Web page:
The Gamma Draconids (GDR-184) displayed a noticable activity this year. All observers and camera network operators are encouraged to check their records for this minor shower.
Last few nights the weather was not favorable at all, but Benelux CAMS data registered a remarkable number of meteors from a minor shower γ-Draconids (GDR-184). Most of the CAMS stations were clouded out, the few that could function under partial clear sky had several meteors from this minor shower radiant.
The activity of this minor shower was first noticed by CAMS in July 2011 (Jenniskens and Holman, 2011). It wasn’t new and was mentioned before by Babadzhanov (1963) and SonatoCo (2009). The activity appears typically between July 24 and 28 but can be detected until begin of August. With a radiant at α= 278°, δ = 49° and Vg = 25 km/s these meteors are real look-alikes as the later Kappa Cygnids. Also last year this stream popped up distictly from the CAMS orbit data (Figure 1).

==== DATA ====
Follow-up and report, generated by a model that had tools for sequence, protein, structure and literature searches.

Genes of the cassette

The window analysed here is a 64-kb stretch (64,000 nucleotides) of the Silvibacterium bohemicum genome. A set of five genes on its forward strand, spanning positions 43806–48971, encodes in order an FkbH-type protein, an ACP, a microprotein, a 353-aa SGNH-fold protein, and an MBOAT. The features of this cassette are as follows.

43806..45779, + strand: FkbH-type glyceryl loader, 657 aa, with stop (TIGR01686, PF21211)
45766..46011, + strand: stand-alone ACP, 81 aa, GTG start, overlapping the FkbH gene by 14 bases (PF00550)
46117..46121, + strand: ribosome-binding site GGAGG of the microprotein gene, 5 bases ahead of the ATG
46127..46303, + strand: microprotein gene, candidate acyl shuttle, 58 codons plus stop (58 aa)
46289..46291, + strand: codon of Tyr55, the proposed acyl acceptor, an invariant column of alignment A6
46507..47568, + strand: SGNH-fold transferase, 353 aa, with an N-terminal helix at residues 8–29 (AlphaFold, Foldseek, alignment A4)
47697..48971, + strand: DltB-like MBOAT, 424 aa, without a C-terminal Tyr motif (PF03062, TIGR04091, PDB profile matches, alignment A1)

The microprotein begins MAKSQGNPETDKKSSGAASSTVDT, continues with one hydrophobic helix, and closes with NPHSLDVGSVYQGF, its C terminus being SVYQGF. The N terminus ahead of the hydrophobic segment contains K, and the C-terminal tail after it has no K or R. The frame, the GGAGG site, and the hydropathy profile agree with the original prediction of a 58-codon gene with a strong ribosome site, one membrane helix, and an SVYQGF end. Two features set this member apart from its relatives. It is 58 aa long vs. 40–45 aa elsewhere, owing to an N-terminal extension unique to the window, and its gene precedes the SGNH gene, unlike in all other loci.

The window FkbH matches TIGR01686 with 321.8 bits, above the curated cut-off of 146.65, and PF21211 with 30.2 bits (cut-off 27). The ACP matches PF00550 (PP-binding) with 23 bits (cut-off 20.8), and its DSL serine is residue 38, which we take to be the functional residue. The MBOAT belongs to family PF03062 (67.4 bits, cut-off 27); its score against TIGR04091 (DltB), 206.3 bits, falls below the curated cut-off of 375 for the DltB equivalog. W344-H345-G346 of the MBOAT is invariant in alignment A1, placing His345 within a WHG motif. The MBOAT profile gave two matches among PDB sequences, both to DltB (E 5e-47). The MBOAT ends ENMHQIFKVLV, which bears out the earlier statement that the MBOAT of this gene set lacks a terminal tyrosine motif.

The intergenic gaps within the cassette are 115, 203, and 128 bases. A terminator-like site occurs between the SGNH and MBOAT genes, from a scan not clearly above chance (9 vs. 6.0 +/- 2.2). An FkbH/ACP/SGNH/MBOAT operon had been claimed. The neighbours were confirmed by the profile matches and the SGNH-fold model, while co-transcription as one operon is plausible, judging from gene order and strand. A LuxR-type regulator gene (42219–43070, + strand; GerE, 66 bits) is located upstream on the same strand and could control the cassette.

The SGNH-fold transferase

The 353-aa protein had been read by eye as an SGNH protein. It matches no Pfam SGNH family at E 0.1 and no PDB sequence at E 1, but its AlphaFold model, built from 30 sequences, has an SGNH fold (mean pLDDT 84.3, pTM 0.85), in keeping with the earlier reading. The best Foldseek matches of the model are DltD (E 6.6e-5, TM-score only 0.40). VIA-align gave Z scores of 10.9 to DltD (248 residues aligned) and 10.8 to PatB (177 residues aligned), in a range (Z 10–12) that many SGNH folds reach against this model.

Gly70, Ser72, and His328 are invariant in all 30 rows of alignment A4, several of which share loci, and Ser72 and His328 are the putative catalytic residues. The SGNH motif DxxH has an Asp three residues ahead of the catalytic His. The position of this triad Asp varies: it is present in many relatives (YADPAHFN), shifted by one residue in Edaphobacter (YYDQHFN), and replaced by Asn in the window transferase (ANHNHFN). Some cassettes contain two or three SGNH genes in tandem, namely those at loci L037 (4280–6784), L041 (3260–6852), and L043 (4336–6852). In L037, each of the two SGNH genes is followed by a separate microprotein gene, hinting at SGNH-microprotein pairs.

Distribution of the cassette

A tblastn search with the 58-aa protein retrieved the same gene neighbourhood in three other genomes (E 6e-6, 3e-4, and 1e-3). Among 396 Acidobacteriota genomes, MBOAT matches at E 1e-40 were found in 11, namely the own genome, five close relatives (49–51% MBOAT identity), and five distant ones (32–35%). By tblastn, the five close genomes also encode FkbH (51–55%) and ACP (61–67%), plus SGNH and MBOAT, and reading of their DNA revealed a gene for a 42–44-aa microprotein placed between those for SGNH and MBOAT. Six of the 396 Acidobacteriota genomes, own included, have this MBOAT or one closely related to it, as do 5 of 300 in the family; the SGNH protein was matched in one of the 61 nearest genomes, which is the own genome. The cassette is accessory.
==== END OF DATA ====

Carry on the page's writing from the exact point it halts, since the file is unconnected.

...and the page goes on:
2016 GDR activity
Although the weather was most uncooperative recent nights, the CAMS network coordinator, Martin Breukers, noticed a remarkable number of possible GDR (184) shower meteors in the CAMS data of the past few nights. Figure 2 shows a plot of all possible GDR meteors recorded past night. On the mailing list MeteorObs several messages mentioned activity from the Omicron Draconids reported by visual observers. Also CMOR captured significant meteor activity from the GDR (184) radiant (see Figure 3).
All meteor observers and camera network operators are encouraged to have a look for additional data on this minor shower in their observing data.
Babadzhanov P. (1963). “Orbital elements of photographic meteors”. Smithsonian Contrib. Astrophys., 7, 287–291.
Holman D. And Jenniskens P. (2012). “Confirmation of the July Gamma Draconids (GDR, IAU #184)”. WGN, Journal of the IMO, 40, 36–41.
SonotaCo (2009). “A meteor shower catalog based on video observations in 2007–2008”. WGN, Journal of the IMO, 37, 55–62.